Friday, January 16, 2009

nooma 22: rotten tomato

The latest nooma vid, "tomato" had me on the edge of my seat for the first few minutes. If "shells" looked promising with its beginnings noticing how Jesus sets his face towards Jerusalem, tomato looks like he is pitching himself a slow ball to sock the gospel out of the stadium.

After talking about his wife's excellent salsa made from vegetables bought in the local farmers' market, he points out that the only way we receive life is through the death of a living thing.

"This dead food gives us life. The more recently this food has been living the more life it gives us... our life is dependent upon the death of another living thing."

Surely this was going to be where the 22 noomata had been heading... for a clear explanation of the death of Christ for our sins so that we might have life.

Bell steps right up to the ball, swings the bat at it... but it is an airshot. He even talks about the death of Jesus and how it brings life, but then fails to explain it at all, and then implicitly denies its uniqueness. The death of Christ becomes merely the model of how Jesus is teaching us to die to ourselves.

"When the bible tells the story of God bringing new life to the world, how does the story go? It’s about Jesus who dies and rises again. It’s about death bringing about new life. His death on the cross, his resurrection. In some ways it is how the world has always worked. And Jesus doesn’t just enter into this process with his own flesh in blood, he invites people to take up their cross. He says at one point “Unless you lose you life for my sake, you’ll never find it....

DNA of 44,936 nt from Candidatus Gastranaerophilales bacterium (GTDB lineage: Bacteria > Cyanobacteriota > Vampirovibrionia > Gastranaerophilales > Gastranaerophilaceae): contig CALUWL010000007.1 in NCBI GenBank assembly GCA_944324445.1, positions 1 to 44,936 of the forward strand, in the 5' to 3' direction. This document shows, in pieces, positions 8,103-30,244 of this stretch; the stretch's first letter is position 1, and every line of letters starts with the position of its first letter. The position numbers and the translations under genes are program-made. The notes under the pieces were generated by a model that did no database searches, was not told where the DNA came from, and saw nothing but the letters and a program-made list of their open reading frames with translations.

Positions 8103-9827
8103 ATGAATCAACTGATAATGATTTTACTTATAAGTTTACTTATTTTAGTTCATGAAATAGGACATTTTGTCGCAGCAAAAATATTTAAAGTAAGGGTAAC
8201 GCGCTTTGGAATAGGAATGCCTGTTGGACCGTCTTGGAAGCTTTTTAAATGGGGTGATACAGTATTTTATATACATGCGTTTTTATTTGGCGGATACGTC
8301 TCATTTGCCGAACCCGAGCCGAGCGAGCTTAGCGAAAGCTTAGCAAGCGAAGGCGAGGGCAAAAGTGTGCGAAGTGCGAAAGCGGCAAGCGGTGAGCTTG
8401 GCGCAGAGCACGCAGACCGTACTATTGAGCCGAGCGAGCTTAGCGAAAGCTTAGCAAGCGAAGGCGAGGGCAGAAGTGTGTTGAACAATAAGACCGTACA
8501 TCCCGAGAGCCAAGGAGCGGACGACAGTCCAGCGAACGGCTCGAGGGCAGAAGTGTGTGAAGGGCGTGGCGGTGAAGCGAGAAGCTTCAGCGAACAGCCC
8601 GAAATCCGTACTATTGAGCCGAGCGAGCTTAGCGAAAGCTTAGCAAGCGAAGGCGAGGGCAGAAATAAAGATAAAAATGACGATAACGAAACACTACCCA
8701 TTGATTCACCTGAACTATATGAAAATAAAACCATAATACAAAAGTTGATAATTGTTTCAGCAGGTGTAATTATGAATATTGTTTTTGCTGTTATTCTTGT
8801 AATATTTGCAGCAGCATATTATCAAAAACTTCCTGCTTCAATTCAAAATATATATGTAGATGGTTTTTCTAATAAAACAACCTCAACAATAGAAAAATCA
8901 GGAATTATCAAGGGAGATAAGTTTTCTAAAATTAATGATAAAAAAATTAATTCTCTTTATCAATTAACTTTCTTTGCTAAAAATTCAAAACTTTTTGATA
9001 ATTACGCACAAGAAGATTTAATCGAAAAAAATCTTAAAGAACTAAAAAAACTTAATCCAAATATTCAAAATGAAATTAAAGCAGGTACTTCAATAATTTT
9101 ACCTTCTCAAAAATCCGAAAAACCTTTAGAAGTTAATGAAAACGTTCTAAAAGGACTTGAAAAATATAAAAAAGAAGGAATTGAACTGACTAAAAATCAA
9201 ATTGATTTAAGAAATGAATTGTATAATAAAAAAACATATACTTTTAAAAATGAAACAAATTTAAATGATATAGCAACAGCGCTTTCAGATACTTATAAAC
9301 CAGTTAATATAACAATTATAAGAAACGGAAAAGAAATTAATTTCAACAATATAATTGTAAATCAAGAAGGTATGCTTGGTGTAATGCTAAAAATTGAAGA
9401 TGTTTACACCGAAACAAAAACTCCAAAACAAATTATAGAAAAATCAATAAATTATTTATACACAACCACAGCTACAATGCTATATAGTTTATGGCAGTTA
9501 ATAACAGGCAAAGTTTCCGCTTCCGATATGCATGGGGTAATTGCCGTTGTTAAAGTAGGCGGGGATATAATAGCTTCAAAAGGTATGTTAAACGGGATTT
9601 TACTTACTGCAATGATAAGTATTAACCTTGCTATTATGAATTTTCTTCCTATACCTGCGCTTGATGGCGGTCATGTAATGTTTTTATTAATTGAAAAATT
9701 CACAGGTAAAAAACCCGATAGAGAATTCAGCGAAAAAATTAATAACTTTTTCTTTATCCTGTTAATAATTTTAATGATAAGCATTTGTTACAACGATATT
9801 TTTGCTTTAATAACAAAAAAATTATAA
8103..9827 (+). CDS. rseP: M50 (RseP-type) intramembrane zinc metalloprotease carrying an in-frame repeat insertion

"Jesus teaches us to die so that we can know how to live…. Jesus invites that part of us to die, the part that always has to be right...

The essence of Jesus message is that we aren't saved accepted loved and value because of how spiritual moral true of right we are, but his message is that we are saved in our death. we are invited to trust him. What we can never do on our own is what he has already done for us. Some people put it like this, 'Jesus saves'.... death is the engine of life: Jesus invites us to die, so that we may really live."